Parasaurolophus is an extinct genus of ornithopod dinosaur that roamed Northern America around 76.5–73 million years ago, during the Late Cretaceous Period. This genus is known from three species – Parasaurolophus walker (type species), Parasaurolophus tubicen, and Parasaurolophus cyrtocristatus. The appearance of these three species has slight difference from each other.
|Name Meaning||Near crested lizard|
|Geological Time Period||Late Cretaceous era|
|Size||Length – 31 ft; Height – 8 ft (at the hips)|
|Skull Size||5ft 1 inch long|
|crest size||6 ft long|
|Diet||Herbivore (especially land plants)|
|Running speed||21 to 25 mph|
Parasaurolophus had a long and bulky body with a short, pointy and stiff tail. They had a duck-like beak with numerous cheek teeth. Their forelimbs were relatively short, but strong compared to other dinosaurs. One of their noticeable features was the long, narrow, backward-curving cranial crest (a crown like horn). Scientists said that the crest, made up of nasal bones, was hollow with different tubes leading to the tip of the crest. The tubes formation was simple in the type specimen. But, P. tubicen had a straight and long crest with a complex interior. There is no concrete evidence of sexual dimorphism. However, some suggested that males had bigger crests than females. There were several hypotheses regarding the uses of the cranial crest. Now scientists suggested that it had several functions, such as thermoregulation, sound amplification for communication and visual display. Some theories suggest that they had pebbly-textured skin.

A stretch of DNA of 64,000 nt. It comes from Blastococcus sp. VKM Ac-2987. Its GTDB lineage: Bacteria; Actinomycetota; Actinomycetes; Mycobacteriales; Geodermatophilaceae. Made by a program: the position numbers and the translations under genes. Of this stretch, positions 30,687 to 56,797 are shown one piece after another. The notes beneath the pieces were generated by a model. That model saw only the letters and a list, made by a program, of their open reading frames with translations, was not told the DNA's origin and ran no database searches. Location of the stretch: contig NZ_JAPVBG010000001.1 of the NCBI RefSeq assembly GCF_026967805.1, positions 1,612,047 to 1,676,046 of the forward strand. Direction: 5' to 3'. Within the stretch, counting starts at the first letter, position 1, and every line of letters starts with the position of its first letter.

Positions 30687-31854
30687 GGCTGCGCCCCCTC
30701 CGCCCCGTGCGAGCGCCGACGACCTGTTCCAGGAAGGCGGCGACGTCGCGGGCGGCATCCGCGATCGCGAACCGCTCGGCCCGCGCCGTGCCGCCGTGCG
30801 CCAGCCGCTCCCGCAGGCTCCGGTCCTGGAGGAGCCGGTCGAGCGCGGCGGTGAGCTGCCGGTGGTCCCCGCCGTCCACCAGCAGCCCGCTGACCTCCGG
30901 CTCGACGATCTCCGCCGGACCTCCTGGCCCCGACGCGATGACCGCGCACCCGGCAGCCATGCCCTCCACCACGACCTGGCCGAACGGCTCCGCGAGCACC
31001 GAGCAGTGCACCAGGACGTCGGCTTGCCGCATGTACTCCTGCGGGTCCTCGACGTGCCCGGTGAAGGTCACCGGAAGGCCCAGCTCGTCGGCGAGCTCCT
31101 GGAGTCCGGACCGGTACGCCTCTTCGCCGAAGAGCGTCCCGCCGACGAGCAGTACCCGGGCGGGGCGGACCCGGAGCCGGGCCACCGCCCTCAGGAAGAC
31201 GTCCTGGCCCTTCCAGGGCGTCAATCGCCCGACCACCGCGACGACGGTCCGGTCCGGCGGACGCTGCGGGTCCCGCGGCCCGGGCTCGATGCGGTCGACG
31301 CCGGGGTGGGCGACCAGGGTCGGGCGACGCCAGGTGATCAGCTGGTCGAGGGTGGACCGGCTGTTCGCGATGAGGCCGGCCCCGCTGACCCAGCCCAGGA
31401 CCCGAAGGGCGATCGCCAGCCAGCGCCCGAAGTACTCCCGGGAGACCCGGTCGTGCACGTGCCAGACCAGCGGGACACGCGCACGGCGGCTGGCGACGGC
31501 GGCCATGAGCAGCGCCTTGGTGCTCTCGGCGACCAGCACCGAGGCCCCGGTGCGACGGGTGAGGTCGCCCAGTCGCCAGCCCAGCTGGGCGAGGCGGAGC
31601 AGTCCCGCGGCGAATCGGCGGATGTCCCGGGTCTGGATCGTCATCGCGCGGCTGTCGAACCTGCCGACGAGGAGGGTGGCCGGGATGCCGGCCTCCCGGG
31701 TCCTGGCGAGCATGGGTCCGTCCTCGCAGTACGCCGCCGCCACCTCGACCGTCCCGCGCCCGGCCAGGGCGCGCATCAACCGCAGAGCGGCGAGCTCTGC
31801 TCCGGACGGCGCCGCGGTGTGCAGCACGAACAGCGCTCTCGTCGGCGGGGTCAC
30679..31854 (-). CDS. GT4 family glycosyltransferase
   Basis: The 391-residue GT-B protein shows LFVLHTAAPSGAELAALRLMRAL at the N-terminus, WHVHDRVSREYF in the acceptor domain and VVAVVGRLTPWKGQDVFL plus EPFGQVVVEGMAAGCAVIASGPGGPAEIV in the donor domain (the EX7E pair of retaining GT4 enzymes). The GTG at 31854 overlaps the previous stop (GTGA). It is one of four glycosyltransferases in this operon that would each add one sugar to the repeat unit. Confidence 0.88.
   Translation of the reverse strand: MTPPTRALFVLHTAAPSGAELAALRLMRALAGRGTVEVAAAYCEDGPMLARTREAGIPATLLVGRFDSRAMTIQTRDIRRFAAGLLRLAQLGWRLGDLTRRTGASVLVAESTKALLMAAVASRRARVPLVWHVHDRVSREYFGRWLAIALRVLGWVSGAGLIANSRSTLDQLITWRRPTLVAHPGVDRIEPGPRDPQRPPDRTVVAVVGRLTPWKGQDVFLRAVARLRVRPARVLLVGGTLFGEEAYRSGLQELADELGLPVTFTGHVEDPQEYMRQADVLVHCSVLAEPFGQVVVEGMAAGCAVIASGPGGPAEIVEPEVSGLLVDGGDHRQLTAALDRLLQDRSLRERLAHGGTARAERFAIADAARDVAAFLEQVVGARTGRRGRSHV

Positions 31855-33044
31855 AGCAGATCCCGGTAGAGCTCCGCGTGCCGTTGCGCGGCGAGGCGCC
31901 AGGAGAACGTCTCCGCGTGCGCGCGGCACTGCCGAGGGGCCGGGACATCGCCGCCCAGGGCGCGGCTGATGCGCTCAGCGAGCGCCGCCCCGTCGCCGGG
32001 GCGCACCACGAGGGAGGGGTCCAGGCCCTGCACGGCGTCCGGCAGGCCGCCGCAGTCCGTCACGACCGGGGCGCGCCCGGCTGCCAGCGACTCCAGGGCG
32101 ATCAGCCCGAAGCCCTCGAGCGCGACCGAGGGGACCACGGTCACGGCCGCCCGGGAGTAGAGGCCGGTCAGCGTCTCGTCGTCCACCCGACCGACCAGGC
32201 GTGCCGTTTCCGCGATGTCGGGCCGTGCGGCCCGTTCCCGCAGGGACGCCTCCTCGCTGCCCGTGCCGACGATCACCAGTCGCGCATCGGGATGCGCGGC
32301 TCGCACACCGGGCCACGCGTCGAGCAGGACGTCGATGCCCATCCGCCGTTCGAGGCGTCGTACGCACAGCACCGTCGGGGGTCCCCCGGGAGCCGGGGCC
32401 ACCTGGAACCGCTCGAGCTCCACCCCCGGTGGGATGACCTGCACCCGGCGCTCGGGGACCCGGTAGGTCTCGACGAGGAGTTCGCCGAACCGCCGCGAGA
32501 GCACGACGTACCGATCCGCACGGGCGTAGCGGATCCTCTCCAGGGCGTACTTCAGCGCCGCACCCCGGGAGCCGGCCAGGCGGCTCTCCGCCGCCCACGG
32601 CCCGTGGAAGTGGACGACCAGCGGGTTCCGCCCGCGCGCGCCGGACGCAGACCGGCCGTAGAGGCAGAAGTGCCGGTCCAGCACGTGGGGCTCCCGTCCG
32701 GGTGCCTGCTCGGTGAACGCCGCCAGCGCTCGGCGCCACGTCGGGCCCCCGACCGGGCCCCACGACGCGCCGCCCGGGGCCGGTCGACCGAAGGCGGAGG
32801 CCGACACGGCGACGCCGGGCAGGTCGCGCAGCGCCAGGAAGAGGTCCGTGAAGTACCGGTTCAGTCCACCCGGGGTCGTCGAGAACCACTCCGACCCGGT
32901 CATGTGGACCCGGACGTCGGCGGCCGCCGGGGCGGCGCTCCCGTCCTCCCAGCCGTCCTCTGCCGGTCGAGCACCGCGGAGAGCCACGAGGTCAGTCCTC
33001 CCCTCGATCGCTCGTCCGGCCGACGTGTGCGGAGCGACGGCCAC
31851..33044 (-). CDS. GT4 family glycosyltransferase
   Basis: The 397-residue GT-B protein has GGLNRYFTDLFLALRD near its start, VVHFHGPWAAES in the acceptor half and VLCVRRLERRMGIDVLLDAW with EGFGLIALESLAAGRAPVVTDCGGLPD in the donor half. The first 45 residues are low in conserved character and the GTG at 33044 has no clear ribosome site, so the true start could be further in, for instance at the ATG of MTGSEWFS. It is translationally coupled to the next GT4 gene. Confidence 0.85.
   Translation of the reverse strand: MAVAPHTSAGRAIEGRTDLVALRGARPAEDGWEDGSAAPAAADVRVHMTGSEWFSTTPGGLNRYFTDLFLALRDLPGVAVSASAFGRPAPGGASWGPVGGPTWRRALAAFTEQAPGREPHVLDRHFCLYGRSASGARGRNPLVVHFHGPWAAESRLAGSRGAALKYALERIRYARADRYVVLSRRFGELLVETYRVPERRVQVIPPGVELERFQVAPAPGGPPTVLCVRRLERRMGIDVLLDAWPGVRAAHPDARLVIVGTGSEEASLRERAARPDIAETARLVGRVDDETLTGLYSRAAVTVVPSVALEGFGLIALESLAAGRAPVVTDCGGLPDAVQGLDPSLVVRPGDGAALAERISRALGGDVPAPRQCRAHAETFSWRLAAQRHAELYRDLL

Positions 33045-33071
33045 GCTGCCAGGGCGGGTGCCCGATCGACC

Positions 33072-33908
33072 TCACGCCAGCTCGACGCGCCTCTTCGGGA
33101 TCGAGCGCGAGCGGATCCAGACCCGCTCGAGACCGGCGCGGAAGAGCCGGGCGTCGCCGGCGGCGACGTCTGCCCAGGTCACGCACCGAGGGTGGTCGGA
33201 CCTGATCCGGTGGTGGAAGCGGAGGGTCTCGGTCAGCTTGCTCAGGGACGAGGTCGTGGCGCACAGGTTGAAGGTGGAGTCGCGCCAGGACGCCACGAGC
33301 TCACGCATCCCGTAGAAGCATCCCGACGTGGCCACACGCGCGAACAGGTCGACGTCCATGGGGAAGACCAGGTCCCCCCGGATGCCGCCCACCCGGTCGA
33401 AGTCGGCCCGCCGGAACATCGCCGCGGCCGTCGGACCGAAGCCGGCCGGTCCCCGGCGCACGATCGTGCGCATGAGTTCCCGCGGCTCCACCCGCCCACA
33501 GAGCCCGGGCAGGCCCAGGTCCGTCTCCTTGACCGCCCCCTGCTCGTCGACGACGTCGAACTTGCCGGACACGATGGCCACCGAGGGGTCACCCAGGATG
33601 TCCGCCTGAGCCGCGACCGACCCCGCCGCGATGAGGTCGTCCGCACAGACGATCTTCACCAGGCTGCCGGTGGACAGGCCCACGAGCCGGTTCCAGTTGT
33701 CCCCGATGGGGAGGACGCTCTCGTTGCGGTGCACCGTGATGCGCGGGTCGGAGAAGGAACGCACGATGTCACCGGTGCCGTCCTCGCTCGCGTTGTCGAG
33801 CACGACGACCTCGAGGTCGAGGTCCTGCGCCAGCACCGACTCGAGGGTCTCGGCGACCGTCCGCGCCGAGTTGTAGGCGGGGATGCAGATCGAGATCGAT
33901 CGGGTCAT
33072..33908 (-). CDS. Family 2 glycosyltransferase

Behavior and Adaptation
The species of this genus dwelt in different habitats. They had both bipedal and quadrupedal locomotion. They probably lived in herd near shorelines and migrated to higher grounds during mating season. They ran/walked on two legs, but believed to have used four legs while foraging. They were relatively fast runners. It had a keen sight and hearing ability. They had no natural defense to protect themselves against enemies.
Fossil Discovery and Etymology
Skeleton samples and bone remains have been from New Mexico (Kirtland Formation) and Utah (Kaiparowits Formation), in the United States; and Alberta (Dinosaur Park Formation) in Canada. William Parks, a Canadian geologist and paleontologist, first described this genus in 1922 from a skull and partial bone remains found in Alberta by a University of Toronto field party in 1920. Parks named the type specimen in honor of Sir Byron Edmund Walker, former Chairman of Board of Trustees of the Royal Ontario Museum. The name Parasaurolophus has come from Greek words “para” (παρα), meaning ‘near’ or beside’; “saurus” (σαυρος), meaning ‘lizard’; and “lophos” (λοφος), meaning ‘crest.’
- Parasaurolophus has been depicted in several TV shows and documentary films, such as Clash of the Dinosaurs, Prehistoric Park, Walking with Dinosaurs: Inside Their World and the Jurassic Park movies.
- This genus is known from adult specimens. A juvenile, found in the Kaiparowits Formation in 2009, was described in 2013. The specimen was discovered by the joint expedition Raymond M. Alf Museum of Paleontology and The Webb Schools.
- Juveniles and babies were vulnerable to predators like Tyrannosaurs.
- Being an Ornithopod, they probably had average intelligence.